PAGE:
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Small scale fisheries in a warming ocean

Abstract : Global warming, caused by the increase of greenhouse gas (GHG) emissions through human activities, has a strong impact on our oceans including changes to oceano-graphic characteristics, as well as to abundance and distribution of marine life. Moreover, it also has severe socio-economic impacts on people living at and from the sea. In order to predict and evaluate the impacts of global warming (and sub-sequently to find suitable adaptation strategies), scientific computer models are utilized. These climate change models predict the effects of global heating on marine life and associated fisheries on a global scale, but often with a high level of uncertainty and low geographic resolution. This makes it difficult to determine effective adaptation measures for fisheries on a local level. The development of adaptation and mitigation strategies is especially urgent in small-scale fisheries that contribute about half of global fish catches and make an important contribution to nutrition, food security, sustainable livelihoods and poverty alleviation, especially in developing countries. This study used a comprehensive conceptual framework that integrates different formats of knowledge, and an interdisciplinary research approach illustrated by the integration of both, the natural and the social sciences traditions. Our study aimed to explore local adaptation measures of fishers and fishing communities by complementing fine-grained scientific climate model predictions with insights based on the perceptions, knowledge, and practices local fishers have about climate change. This combined approach represents an innovative lens to understand climate change and human adaptation since it merges both predictive (computer models) and social sciences (traditional and local knowledge of fishers). We believe it will enhance our ability to promote and strengthen the natural capacity of adaptation of fishers and fishing communities with the aim to promote and support adaptation strategies of small-scale fishers. First, the modelling aimed to predict the climate change impacts on commercial fish species and their distribution in three case countries (Ecuador; mainland and Galapagos Islands, South Africa and the Philippines). These models were based on multitemporal data sets for the areas where the study took place, designed by using outputs of the IPCC scenarios and risk analysis methods. This allowed us to identify some of the anticipated impacts of climate change on the currently exploited fish stocks in those countries. The second part of the study aimed to i) explore local perceptions by fishers, of the effects of climate change on small-scale fisheries, ii) describe how well prepared the small-scale fishing sector is in front of climate change, and iii) illustrate the adaptation measures, capabilities, challenges, and actions, carried on by fishers, to cope with climate change. We organized four workshops (in the same three case countries) involving varied and relevant sectors and actors, within the small-scale fisheries sector. The workshops were attended by fishers, researchers and managers and exhibited diverse formats, based on the location’s and fisheries sector characteristics.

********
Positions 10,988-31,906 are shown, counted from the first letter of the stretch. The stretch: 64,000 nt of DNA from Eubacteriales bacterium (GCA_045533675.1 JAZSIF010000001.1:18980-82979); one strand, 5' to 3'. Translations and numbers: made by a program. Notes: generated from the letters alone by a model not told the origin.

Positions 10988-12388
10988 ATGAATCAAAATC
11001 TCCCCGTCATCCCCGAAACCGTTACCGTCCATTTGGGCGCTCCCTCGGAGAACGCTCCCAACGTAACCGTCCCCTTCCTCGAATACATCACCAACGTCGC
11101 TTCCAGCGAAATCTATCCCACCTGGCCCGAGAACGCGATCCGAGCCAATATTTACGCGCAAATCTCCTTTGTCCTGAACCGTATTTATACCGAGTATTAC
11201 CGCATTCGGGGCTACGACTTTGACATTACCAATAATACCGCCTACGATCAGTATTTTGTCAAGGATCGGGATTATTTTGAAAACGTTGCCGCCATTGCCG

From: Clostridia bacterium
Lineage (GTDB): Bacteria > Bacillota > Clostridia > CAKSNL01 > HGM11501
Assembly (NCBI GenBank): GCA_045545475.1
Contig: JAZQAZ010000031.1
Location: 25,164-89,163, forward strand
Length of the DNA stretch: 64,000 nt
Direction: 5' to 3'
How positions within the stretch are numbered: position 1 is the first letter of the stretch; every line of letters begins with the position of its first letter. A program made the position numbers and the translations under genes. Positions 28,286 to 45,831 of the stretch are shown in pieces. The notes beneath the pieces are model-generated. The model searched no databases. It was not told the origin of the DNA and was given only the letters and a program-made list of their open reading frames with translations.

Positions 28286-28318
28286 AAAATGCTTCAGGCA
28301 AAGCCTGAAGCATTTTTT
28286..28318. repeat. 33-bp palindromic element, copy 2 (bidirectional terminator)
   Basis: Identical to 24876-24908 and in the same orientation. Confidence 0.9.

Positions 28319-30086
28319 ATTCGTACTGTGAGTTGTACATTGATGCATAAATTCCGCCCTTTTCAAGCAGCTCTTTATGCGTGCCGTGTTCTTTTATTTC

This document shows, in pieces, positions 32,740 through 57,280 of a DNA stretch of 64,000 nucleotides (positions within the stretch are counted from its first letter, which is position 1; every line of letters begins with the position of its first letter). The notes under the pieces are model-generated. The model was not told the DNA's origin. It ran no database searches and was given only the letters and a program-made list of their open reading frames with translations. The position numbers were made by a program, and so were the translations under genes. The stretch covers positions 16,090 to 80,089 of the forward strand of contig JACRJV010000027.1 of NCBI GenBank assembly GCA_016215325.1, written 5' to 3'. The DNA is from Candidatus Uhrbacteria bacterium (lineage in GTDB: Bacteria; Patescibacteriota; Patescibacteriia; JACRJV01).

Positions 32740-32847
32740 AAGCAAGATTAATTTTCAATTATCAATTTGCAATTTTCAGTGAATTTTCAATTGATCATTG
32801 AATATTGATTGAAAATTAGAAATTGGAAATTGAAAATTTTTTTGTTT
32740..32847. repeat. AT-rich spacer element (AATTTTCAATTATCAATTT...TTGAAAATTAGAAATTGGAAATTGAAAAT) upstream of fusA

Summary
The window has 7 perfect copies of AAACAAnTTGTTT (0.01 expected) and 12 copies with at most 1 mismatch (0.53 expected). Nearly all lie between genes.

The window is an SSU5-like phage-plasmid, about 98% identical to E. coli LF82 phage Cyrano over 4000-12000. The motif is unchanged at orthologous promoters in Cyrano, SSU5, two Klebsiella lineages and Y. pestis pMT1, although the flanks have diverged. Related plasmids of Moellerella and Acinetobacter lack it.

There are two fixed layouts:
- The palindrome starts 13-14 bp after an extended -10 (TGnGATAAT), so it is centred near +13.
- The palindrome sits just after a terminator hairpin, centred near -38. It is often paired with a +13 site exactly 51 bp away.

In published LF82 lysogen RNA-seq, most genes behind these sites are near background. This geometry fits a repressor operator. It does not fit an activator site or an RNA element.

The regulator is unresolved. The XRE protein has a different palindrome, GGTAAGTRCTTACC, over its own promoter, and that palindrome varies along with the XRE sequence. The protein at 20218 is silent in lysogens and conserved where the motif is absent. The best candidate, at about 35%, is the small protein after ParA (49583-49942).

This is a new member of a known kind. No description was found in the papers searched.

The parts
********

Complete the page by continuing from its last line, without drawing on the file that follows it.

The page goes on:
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https://hal-agrocampus-ouest.archives-ouvertes.fr/hal-03136007
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Submitted on : Tuesday, February 9, 2021 - 1:51:52 PM
Last modification on : Wednesday, February 24, 2021 - 3:31:18 AM
Long-term archiving on: : Monday, May 10, 2021 - 6:44:52 PM

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  • HAL Id : hal-03136007, version 1

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Léa Monnier, Didier Gascuel, Juan José Alava, William Cheung, Maria José Barragán, et al.. Small scale fisheries in a warming ocean. [Research Report] Agrocampus ouest CFR Rennes, agronomie, spécialisation halieutique, gestion des pêches, des écosystèmes côtiers et continentaux; International WWF Centre for Marine Conservation, Hamburg. 2020. ⟨hal-03136007⟩

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